That means if a developer is making a videogame with lifetime sales expectations of $500, they just can’t hire someone who charges $300 per-image for their CGs, no matter how good their art might be. It’s not necessarily that the artist is charging too much; it’s just that the numbers don’t work for that particular commissioner.

Speaking as a commissioner here, I often walk away from a portfolio while not feeling angry at the artist’s prices, rather, I feel sad that I can’t afford their awesome work.

Does this mean you should lower your prices? No, of course not. You should always charge a combination of what your research suggests your work is worth and what you’re willing to accept/what you need as a creator.

But if you find you’re getting passed up a lot due to cost, it might be worth asking creators why. For example, let’s say in one month you get 10 requests from people who are all looking for VTuber avatar designs, and all of them say they can’t afford your prices – you may want to find out why so many of these people are reaching out to you. It might suggest that where-ever you’re advertising your work, it’s just not the right type of customer for you, and you need to cast a different net.

7) Be selective with your work – “you’re as good as your worst”

Photo by Markus Spiske on Pexels.com

What goes onto your portfolio and what stays off?

Well, only you can make that decision. Obviously, you should put up what shows your work (1) honestly and (2) in a good light.

As a commissioner, when browsing your portfolio, I fixate on the bad images. I can’t help it! But I’m not being mean; there’s a very important reason for this.

If I commission you, realistically, I expect your work to be somewhere between your best and worst images in terms of quality.

The work you turn in might be equal to your best… But it might not be much better than your worst.

So when I commission you, I have to be prepared to accept that if you turn in something similar to your worst image, that I would be happy with this.

At the same time, you should pick work which is representative of your skills, and be reasonably honest with this, because if you turn in bad work (like if your commissions can be clearly far worse than your examples), then obviously people are going to be unhappy with that. You don’t want to disappoint your commissioners.

My main suggestion here is this: be brutal. Ten awesome images are much more useful to see than 20 where 4 of those aren’t so good.

8) Testimonials are useful

Photo by Dayvison de Oliveira Silva on Pexels.com

Something I’ve noticed when looking at portfolios is that very few people seem to list testimonials; this is strange, considering that in some industries, this is really common.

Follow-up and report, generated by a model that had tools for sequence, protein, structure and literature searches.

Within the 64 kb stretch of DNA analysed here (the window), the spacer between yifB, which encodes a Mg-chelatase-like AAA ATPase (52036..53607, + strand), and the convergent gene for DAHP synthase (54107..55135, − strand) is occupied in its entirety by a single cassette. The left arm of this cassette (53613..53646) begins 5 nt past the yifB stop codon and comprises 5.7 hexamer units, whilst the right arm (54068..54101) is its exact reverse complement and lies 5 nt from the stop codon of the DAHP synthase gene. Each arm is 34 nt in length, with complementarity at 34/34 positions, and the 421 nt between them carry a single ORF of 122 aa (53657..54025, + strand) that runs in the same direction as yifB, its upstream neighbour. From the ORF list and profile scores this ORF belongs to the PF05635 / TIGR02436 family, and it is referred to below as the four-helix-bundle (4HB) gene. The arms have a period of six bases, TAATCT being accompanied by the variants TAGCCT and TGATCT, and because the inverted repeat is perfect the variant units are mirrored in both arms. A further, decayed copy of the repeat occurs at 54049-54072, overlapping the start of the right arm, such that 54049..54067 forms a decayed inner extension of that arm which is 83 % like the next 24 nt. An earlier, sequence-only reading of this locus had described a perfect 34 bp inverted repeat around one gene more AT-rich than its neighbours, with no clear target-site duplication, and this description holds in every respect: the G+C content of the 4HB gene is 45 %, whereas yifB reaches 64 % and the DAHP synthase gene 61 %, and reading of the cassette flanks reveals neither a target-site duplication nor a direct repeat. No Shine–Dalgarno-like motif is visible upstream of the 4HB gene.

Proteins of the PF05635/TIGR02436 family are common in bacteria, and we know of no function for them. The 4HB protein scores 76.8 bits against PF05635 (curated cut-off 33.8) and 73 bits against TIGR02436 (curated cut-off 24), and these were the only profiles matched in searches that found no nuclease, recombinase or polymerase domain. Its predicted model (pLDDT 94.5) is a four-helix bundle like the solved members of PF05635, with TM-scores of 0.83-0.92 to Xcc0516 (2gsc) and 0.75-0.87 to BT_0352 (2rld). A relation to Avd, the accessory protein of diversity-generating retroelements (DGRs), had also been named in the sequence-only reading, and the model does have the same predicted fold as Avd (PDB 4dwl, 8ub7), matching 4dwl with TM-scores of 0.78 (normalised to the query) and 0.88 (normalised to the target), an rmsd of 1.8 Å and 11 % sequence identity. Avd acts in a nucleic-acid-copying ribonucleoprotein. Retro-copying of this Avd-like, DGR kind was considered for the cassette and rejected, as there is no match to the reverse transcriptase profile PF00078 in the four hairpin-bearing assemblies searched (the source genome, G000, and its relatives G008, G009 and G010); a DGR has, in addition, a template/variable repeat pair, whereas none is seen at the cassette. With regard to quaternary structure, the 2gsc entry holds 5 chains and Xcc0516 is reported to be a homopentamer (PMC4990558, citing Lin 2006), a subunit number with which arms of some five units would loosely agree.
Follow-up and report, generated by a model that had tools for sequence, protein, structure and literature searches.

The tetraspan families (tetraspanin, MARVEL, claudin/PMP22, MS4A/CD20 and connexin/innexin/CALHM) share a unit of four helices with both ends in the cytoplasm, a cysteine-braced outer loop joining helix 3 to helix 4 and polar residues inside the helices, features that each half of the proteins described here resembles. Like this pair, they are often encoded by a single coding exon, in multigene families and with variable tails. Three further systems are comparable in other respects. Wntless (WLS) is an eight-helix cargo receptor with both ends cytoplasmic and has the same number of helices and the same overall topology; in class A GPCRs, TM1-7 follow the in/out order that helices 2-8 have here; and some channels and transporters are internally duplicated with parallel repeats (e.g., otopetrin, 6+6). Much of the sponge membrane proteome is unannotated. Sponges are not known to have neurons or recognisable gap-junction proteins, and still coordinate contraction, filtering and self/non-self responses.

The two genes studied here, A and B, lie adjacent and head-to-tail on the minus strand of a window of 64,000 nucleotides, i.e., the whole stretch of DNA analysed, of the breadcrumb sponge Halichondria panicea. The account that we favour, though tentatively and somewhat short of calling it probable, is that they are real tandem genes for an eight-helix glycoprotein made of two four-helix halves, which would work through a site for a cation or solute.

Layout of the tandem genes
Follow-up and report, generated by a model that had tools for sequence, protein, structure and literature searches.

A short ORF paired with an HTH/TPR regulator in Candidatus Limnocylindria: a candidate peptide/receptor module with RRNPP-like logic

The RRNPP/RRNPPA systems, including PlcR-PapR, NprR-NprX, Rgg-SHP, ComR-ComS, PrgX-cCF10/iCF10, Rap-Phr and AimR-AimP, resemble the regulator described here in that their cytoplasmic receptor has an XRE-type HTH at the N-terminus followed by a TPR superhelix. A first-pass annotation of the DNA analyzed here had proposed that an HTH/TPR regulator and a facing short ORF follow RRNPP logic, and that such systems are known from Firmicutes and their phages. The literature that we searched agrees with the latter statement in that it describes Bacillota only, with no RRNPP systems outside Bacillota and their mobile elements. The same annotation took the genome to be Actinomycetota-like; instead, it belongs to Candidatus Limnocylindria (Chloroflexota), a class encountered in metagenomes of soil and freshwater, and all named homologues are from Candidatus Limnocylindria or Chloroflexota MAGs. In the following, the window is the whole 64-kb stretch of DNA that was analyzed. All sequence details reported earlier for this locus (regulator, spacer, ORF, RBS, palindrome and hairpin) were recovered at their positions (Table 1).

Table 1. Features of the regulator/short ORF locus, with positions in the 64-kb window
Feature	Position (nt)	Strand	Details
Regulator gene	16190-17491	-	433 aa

A testimonial might just be as short as…

“Hired this person to produce my channel bumpers. They’re fantastic! Great to work with. Will work with this person again.” Goku_Xx_82, YouTube, 2020

But if you have 3-4 of them, and you can search to find these people, it does a huge amount to make you seem more legitimate. Your work shows what you can make, but testimonials tell people what you’re like to work with. Do you compose yourself professionally? Do you deliver on-time?

9) A humble request

Photo by Charles on Pexels.com

The last thing I want to mention as a commissioner is this:

Please, please, please – only apply for commissions that you can demonstrate you can do.

I’ve lost track of the number of commissions I’ve either posted up on Reddit (or seen posted by other people) where the commissioner says something like…

Must be someone who can do character pieces in traditional media

… and they get 100 responses, where only maybe half them do character pieces OR traditional media.

Look, I get it. You want to cast a wide net. You miss all the shots you don’t take. I understand.

But I can’t speak/read Norwegian, so I wouldn’t apply for a commission to translate Norwegian into English.

I can’t play the violin, so I wouldn’t apply for a commission to write a violin concerto.

If you’re a generalist, maybe you could turn your hand to most things, but as a commissioner, nothing gets me to throw an artist on the “no” pile faster than “this person clearly didn’t read the brief”.

Don’t waste your time, and don’t waste other people’s. It’s simple courtesy.

Final Thoughts

Thanks for reading. If you’ve got this far, I hope this information proves helpful. If you care enough to read this ramble about portfolios & commissions, I’m sure you’re the sort of person who goes the extra mile for your work, and I hope that some of the stuff here will be useful for you.

Happy commissioning!


Ethan Fox is the owner of Tanuki-sama Studios, creators of Nina Aquila: Legal Eagle, Season One over on Steam.

You can follow him at @By_Ethan_Fox on Twitter, or follow @NinaAquilaGame for game updates.